Crime Library: Criminal Minds and Methods

The Death of Napoleon

Introduction

Portrait of Napoleon
Portrait of Napoleon

There is no mystery here. Of course, Napoleon died. Some time on or before May 5, 1821, Napoleon Bonaparte, Emperor of France, died.

The questions are "How did he die?" and "When did he die?"

Somehow, it is unacceptable to think that a man compared only to Alexander the Great and Julius Caesar could have prosaically died of stomach cancer on a god-forsaken island in the South Atlantic. Better to have died in battle, at Waterloo, or to be assassinated by jealous rivals, or to have fallen on one's sword rather than surrender to one's enemies. But to have slowly withered away in a sodden, dark house as a captive, to have been reduced to the level of a forgotten exile after a decade and a half of virtually ruling Europe — that seems unthinkable.

We are not dealing with a trivial figure of history. Napoleon is a man who continues to fascinate us. Military genius, dictator (benevolent or otherwise), administrator, law-giver — he was all of these. He was believed to be short in stature — 'The Little Corporal' — but seemed to be one of those rare individuals who could fill a room with his presence. (He has been reported in various works as being five-feet, five-inches tall, and five-feet, seven-inches tall — not significantly different from the average height of men in his time.) He could be charming, cruel, unreasonable, generous, insightful and periodically incompetent. He solidified the aspirations of the French Revolution and then retracted some of the freedoms that had been gained from it. He fought the English but admired them. He sought to create an empire in Europe and North America, and then gave away 800,000 square miles of it for four cents an acre to Thomas Jefferson. Paintings and statues of him abound. Such men do not simply "die."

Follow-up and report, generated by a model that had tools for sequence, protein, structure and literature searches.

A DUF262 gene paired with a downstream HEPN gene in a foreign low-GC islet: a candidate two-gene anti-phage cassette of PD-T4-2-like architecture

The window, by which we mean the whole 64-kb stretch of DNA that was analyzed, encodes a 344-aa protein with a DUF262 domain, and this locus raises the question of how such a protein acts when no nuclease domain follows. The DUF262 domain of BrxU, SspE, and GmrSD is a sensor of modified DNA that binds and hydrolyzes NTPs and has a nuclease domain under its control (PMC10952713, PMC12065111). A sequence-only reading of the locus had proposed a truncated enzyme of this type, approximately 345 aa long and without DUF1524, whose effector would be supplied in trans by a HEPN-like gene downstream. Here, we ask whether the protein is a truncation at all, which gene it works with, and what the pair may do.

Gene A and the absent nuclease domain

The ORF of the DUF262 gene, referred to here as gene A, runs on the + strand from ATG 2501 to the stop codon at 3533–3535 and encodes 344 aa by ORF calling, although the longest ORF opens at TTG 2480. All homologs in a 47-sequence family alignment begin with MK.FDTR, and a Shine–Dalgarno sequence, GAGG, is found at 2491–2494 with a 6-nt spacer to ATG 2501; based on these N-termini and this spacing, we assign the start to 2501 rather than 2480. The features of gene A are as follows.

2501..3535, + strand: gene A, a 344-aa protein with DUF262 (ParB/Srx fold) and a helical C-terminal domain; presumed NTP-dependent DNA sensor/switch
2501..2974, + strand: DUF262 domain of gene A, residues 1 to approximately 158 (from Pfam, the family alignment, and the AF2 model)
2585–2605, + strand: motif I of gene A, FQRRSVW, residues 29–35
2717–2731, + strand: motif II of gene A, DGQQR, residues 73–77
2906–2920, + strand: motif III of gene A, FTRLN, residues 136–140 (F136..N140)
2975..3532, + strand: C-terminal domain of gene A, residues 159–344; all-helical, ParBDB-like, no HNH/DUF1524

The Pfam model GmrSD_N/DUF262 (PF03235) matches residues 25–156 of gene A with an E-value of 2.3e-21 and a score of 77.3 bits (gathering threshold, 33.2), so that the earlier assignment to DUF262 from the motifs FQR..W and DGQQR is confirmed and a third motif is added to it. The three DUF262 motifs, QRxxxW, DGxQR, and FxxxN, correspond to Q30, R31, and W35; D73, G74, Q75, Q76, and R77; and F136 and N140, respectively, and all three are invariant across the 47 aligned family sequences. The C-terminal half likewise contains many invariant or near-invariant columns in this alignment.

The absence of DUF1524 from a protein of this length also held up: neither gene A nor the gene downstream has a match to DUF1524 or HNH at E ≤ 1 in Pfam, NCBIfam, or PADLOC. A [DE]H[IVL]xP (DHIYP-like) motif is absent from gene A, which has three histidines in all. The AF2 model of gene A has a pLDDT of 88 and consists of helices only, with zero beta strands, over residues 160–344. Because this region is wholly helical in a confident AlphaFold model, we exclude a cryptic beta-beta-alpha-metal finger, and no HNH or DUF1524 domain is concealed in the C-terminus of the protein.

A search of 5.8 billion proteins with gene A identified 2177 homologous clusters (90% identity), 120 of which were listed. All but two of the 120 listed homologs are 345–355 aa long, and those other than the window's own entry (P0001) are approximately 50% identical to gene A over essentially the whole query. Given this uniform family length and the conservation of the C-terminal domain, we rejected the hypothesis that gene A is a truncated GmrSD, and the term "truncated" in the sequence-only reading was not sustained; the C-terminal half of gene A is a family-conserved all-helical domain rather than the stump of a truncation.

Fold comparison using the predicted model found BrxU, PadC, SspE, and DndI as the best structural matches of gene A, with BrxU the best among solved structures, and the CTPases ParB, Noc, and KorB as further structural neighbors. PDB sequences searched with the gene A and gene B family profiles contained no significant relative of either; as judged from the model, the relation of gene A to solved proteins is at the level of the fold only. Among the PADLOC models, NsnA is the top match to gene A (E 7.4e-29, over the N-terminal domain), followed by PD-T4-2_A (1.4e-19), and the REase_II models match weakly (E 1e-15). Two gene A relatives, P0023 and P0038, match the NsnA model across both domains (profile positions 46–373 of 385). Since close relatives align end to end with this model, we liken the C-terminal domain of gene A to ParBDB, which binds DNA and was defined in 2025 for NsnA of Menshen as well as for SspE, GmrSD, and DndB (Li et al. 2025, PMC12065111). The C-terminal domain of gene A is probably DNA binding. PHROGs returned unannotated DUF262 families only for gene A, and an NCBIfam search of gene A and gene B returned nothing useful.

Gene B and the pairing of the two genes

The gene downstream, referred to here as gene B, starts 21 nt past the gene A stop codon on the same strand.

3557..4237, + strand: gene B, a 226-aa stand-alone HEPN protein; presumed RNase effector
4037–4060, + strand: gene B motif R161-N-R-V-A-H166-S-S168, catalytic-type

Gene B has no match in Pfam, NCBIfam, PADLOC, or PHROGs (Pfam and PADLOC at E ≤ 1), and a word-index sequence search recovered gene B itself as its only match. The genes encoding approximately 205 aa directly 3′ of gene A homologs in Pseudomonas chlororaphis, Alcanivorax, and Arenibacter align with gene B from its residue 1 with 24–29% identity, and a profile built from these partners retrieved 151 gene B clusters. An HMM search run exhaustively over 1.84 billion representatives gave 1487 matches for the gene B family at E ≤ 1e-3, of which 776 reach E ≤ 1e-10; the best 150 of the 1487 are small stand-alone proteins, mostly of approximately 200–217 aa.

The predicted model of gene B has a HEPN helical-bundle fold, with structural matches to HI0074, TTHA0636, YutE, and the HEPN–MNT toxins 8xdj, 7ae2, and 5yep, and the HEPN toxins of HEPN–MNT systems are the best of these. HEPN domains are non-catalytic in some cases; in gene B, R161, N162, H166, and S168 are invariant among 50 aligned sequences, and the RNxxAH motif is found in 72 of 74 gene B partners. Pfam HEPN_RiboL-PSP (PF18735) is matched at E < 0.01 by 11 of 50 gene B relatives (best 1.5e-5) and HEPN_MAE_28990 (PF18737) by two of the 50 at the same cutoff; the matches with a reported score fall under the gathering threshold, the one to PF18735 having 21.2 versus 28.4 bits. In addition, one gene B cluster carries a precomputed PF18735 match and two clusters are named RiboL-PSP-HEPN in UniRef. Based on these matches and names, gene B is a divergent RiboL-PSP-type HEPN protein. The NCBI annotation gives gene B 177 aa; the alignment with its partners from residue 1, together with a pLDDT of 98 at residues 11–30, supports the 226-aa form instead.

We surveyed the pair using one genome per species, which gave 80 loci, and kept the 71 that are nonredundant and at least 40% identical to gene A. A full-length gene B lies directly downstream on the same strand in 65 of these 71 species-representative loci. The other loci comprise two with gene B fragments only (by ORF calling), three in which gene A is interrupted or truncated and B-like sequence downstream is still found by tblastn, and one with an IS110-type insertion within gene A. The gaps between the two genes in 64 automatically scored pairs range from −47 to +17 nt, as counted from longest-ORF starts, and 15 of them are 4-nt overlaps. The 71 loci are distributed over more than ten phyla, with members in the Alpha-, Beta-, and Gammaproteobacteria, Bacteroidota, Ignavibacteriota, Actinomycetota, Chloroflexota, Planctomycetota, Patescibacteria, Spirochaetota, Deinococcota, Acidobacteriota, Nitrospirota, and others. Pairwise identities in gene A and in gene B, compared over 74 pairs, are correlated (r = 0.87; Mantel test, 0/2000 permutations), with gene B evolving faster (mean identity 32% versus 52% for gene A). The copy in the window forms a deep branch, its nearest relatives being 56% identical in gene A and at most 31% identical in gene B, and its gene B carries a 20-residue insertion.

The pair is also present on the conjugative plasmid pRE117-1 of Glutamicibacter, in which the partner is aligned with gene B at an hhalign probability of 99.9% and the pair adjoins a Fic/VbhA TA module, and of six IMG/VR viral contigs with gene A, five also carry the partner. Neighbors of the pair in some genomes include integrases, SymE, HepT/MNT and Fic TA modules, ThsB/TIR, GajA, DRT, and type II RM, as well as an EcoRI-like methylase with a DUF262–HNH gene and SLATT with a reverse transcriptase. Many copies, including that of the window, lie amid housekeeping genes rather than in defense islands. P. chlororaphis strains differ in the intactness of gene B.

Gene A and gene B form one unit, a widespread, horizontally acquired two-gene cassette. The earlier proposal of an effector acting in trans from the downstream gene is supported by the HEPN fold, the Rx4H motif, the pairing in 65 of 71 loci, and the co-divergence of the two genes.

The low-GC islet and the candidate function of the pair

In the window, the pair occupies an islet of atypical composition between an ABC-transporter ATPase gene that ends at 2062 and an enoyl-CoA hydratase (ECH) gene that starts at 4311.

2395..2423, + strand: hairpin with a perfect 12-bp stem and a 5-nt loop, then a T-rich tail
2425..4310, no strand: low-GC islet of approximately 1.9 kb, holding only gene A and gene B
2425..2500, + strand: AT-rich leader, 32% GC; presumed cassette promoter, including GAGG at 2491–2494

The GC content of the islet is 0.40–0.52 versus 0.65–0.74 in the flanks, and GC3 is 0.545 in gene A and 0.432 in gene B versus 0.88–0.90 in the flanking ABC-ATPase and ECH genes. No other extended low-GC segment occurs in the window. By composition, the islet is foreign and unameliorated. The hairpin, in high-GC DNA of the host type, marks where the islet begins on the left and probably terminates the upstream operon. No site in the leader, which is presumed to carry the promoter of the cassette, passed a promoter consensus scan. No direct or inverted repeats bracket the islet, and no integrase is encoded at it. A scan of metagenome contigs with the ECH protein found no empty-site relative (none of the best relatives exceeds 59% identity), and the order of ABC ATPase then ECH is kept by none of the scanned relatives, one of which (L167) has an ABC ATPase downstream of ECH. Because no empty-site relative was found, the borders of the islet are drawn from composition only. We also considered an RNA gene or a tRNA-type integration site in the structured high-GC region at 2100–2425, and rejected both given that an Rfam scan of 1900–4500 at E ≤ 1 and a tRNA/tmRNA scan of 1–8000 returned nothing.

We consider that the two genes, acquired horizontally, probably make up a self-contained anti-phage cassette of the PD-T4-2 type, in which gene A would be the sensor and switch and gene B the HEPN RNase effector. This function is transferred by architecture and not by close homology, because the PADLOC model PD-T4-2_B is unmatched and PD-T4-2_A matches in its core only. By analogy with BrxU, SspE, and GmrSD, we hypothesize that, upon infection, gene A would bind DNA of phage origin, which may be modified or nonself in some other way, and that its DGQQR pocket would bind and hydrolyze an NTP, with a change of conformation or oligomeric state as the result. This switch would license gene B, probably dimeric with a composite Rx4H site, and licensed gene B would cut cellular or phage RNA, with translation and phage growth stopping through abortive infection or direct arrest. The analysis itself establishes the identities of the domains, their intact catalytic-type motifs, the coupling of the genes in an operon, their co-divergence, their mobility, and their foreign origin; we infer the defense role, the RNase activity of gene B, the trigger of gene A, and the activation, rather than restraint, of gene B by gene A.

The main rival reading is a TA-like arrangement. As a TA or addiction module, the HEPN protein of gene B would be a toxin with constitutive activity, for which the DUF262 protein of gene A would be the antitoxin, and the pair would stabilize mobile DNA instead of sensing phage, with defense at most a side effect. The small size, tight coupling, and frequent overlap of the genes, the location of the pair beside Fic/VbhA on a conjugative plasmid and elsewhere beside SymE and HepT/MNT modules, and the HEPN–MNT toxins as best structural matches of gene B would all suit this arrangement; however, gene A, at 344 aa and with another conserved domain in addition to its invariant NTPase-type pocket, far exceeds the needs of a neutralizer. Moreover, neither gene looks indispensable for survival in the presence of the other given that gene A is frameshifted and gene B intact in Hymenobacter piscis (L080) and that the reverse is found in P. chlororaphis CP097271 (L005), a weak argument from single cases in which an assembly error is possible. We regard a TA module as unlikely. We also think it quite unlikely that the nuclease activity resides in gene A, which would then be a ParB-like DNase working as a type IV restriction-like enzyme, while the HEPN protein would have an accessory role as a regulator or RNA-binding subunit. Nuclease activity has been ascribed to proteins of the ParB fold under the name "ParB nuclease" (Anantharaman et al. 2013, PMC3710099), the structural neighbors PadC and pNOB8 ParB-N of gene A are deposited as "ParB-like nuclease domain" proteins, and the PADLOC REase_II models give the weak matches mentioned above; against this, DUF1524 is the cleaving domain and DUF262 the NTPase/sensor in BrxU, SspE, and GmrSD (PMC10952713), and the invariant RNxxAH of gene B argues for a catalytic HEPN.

Drawing of Napoleon in defeat
Drawing of Napoleon in defeat

So, as with many inconceivable ideas of history, theories of conspiracy surround the demise of Napoleon the Great. Did he really die of cancer? Could he have been poisoned? If so, by whom? Was it really Napoleon who died that day in 1821 on St. Helena, or some skilled impersonator? And, if not, what happened to Napoleon?

The cast of characters in this drama is interesting. There is the faithful valet, whose memoirs of his master were not published until the 1950s. There are the diverse — and in the eyes of some, devious — loyal retainers, four in particular who are intriguing personalities. Doctors, some of whom seem incompetent, even by the primitive medical standards of the time, enter and exit at various times in the story. There is the strange, paranoid, haunted prison warden who constantly feared that his famous charge would once more escape his exile, as he had when first exiled to the island of Elba, and once more inflame Europe. There is even a mistress or two to add color to the story. And, more than a century after the fact, there are a curious dentist, a single-minded manufacturer of exercise equipment, and numerous conspiracy-minded historians who stir the plot.

Most of all, there is the vast literature on Napoleon, thousands and thousands of books, covering every aspect of Napoleon's life and career, more books than on any other historical personage except Jesus Christ.

The issues are clear. Either Napoleon died of natural causes or was murdered. Either Napoleon was the corpse lying on the autopsy table in Longwood, his residence of exile on St. Helena, or he wasn't.

Let us begin.

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